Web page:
A Blackcurrant (Ribes nigrum L.) Cultivar: Danjianghei

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Wujie Zhang Mudanjiang Branch of Heilongjiang Academy of Agricultural Sciences, Mudanjiang, China 157041

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Jiahan Tang Mudanjiang Branch of Heilongjiang Academy of Agricultural Sciences, Mudanjiang, China 157041

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Shuai Zhang Mudanjiang Branch of Heilongjiang Academy of Agricultural Sciences, Mudanjiang, China 157041

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Wenquan Yu Mudanjiang Branch of Heilongjiang Academy of Agricultural Sciences, Mudanjiang, China 157041

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Chunguang Liu Mudanjiang Branch of Heilongjiang Academy of Agricultural Sciences, Mudanjiang, China 157041

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Hongna Gao Mudanjiang Branch of Heilongjiang Academy of Agricultural Sciences, Mudanjiang, China 157041

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Blackcurrant (Ribes nigrum L.), a member of the Saxifragaceae family, is a perennial deciduous shrub. Seeds, leaves, and fruits contain a large number of bioactive substances, which have high nutritional value and medicinal health functions. They can be widely used as natural resources in the food and pharmaceutical industries (Huo et al. 2011). Blackcurrant is mainly distributed in Heilongjiang, Jilin, Inner Mongolia, Xinjiang, Qinghai, and other places in China. In the alpine region of Heilongjiang Province, the climate is cold, with a large temperature difference between day and night, sufficient sunlight, fertile soil, and high organic matter content, which is conducive to the accumulation of nutrients in the fruit (Zhu et al. 2022). At the same time, blackcurrant has become one of the characteristic and advantageous shrub species in Heilongjiang Province. The breeding and cultivation research on blackcurrant in this province is in its infancy, therefore the germplasm resources are relatively scarce. Currently, there are less than 10 cultivars available in production. Blackcurrant generally has shortcomings such as weak resistance to powdery mildew and poor cold resistance. Mudanjiang Branch of Heilongjiang Academy of Agricultural Sciences has bred four blackcurrant cultivars, ‘Zaofeng’, ‘Heifeng’, ‘Hanfeng’, and ‘Wanfeng’, through hybridization and selection that are used in production. ‘Danjianghei’ (Heilongjiang Provincial Crop Variety Approval Committee 2012046) is a new cultivar approved (registered) by Heilongjiang Provincial Crop Variety Approval Committee in 2012. ‘Danjianghei’ has a large fruit size, high yield, good quality, and resistance to blackcurrant disease characters.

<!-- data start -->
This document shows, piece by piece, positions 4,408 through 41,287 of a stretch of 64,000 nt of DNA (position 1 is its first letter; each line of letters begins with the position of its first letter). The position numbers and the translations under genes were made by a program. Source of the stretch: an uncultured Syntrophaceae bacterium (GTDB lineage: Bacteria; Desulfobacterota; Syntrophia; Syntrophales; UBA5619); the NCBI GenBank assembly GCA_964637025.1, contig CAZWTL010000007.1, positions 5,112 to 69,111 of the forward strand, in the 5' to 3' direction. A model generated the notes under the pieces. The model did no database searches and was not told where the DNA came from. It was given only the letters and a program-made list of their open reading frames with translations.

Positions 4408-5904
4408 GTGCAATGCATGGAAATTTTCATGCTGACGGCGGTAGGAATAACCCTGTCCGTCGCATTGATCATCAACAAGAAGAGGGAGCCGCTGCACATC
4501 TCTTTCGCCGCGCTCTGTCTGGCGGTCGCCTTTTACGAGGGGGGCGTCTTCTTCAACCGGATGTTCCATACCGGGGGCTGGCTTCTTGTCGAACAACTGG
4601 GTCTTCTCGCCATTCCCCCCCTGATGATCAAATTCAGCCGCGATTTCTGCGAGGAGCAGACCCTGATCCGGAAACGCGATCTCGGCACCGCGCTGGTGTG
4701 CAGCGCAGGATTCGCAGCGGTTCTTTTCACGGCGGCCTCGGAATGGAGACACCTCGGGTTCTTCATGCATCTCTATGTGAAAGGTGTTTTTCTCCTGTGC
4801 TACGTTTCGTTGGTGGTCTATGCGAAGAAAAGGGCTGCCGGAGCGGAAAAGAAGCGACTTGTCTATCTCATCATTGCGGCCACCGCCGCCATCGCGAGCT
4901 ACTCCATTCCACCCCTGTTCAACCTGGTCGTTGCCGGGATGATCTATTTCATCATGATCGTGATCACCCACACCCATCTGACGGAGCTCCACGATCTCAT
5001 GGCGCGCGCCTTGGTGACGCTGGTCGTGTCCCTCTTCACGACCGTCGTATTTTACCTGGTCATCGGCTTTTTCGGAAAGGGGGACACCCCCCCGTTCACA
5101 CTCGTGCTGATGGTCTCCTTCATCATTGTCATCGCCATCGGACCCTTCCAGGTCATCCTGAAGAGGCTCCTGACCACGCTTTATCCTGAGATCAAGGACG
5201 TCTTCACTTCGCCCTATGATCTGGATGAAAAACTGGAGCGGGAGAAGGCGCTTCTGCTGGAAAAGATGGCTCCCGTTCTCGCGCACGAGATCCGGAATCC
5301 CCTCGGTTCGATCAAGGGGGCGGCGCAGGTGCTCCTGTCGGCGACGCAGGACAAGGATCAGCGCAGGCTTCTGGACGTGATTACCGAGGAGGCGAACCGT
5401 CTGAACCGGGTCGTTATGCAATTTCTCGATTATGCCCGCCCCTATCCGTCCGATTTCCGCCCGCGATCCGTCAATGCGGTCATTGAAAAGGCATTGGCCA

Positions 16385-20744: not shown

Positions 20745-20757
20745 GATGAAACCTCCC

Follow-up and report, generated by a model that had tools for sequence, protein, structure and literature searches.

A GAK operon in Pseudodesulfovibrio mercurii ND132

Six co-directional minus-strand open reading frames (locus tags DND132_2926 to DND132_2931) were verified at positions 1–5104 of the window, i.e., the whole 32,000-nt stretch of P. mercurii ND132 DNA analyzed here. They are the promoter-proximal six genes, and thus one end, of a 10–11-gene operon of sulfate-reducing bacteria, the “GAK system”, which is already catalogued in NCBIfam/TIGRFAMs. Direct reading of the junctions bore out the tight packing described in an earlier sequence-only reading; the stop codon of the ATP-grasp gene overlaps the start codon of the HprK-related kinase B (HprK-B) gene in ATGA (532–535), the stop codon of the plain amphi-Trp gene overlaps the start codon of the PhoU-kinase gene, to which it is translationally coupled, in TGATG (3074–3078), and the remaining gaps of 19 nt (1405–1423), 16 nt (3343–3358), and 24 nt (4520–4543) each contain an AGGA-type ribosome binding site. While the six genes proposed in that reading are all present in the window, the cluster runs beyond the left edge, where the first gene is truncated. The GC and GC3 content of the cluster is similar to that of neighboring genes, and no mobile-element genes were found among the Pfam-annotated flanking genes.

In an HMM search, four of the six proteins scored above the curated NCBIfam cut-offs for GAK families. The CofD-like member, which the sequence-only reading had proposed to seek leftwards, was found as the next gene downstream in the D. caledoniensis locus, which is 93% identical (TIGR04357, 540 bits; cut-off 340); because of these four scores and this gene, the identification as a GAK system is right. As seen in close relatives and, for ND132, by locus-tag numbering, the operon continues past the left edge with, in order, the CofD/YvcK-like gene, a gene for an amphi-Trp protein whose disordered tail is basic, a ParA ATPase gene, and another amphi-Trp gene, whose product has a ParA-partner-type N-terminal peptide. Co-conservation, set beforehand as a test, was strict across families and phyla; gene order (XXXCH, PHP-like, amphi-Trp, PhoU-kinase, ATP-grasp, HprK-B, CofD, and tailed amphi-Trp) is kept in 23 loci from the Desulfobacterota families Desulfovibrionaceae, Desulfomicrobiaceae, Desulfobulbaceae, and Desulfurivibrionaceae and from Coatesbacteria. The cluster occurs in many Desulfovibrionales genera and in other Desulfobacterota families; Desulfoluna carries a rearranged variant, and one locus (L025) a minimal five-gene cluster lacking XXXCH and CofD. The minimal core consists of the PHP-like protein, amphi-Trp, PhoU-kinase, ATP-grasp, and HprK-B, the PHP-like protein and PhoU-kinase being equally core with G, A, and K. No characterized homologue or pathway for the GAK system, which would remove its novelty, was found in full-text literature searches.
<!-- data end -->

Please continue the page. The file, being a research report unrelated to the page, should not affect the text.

Origin

‘Danjianghei’ was derived from a cross of ‘Heifeng’ × ‘Muxuan94-7-12’ (pedigree shown in Fig. 1). The male parent ‘Muxuan94-7-12’ was derived from a cross between ‘Mujiao82-6-4’and ‘Mushi85-11-1’. ‘Mujiao82-6-4’ was derived from a cross between ‘Zaofeng’ and ‘Liangyehoupi’. ‘Mushi85-11-1’ was selected from seedlings produced by open pollination of ‘Kanghanbaopi’.